Indigenous Canadians are finding their voices in ways they've rarely been able to before, and it's nothing short of glorious.
As Canada celebrates its 150th birthday this year, there's been a lot of discussion about the people who were here before 1867, and with good reason. After all, it was the many indigenous people who first settled this land, and their traditions are as valuable today as they were then.
So today, on the first official National Indigenous Peoples Day (formerly National Aboriginal Day), we're taking a look at eight indigenous accounts on Instagram that are showcasing their cultures in surprising and stunning ways.
This South Baffin-based account teaches Inuktitut words and phrases with a meme-like twist, keeping it relevant and interesting for all readers.
Selfies, scenery, social justice and more make up 16-year-old Ta'Kaiya's account. The activist and singer has spoken at United Nations conferences, We Day events and in classrooms across the country.
Tunchai Redvers was born in the Northwest Territories, but now travels across the country and the globe, speaking out with We Matter, the non-profit she created to offer positive messages of support for indigenous youth who are dealing with difficulties.
Nadya Kwandibens is one of the founders of Red Works Photography, a studio that focuses on showing pictures of indigenous people in every facet of life. As Kwandibens puts it in the company's description, "We are musicians, lawyers, doctors, mothers and sons. We are activists, scholars, dreamers, fathers and daughters. Let us claim ourselves now and see that we are, and will always be great, thriving, balanced civilizations capable of carrying ourselves into that bright new day."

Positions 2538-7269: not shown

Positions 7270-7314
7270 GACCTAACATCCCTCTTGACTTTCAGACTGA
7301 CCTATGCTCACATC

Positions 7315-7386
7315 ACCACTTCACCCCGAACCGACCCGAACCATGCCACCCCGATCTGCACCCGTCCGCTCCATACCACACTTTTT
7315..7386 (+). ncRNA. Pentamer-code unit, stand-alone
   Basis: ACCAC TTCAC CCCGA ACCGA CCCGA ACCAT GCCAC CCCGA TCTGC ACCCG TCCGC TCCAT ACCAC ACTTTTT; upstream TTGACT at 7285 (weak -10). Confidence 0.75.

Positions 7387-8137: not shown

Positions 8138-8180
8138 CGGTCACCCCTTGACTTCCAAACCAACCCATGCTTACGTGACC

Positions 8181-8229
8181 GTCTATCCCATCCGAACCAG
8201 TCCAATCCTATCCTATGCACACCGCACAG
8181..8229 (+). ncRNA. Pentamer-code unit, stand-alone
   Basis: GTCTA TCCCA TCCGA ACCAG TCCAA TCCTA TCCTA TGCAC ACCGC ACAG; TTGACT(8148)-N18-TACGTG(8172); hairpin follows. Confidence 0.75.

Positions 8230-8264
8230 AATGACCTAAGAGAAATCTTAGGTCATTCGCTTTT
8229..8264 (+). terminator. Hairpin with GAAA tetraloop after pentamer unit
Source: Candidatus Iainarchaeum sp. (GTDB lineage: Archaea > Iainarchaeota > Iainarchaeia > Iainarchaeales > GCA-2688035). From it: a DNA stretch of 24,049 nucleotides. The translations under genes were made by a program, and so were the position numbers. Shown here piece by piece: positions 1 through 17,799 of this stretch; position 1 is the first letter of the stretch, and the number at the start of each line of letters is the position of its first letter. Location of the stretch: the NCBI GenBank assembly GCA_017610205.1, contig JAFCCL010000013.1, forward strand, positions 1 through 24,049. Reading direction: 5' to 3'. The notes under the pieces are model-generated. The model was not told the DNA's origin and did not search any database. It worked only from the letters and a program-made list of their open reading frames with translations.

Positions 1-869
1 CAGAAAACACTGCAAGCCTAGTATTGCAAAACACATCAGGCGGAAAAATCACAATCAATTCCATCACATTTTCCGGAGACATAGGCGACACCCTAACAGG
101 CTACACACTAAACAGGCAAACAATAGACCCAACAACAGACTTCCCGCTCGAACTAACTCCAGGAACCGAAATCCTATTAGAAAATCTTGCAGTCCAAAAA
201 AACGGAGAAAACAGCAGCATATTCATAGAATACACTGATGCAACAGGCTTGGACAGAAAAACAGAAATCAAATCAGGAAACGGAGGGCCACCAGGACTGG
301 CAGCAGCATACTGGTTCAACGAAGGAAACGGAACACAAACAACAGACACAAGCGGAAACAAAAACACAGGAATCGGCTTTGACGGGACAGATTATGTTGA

Melanie Charlie is a photographer dedicated to showcasing the connection between the land and the spirit, and her eye is spot on. She makes the traditional feel modern, and the modern feel, often, irrelevant.
A staple of the Canadian art scene, Kent Monkman works in paint, video, performance and installations to create rich scenes that require a double-, triple- and quadruple-take. His Cree ancestry informs his art as much as his focus on marginalized people, particularly with regards to the queer community.
Marjorie Tahbone teaches the Inupiaq language in Nunavut, and her pictures show everything from her classrooms to her musical talents to her repurposing of the practice of amaaq-ing a baby for her puppy. Brilliant.
This northern Ontario group melds their traditional Cree culture with the very real behind-the-scenes life of a band trying to make a living playing music. Lead singer Adrian Sutherland recently wrote about his experiences as a father in HuffPost.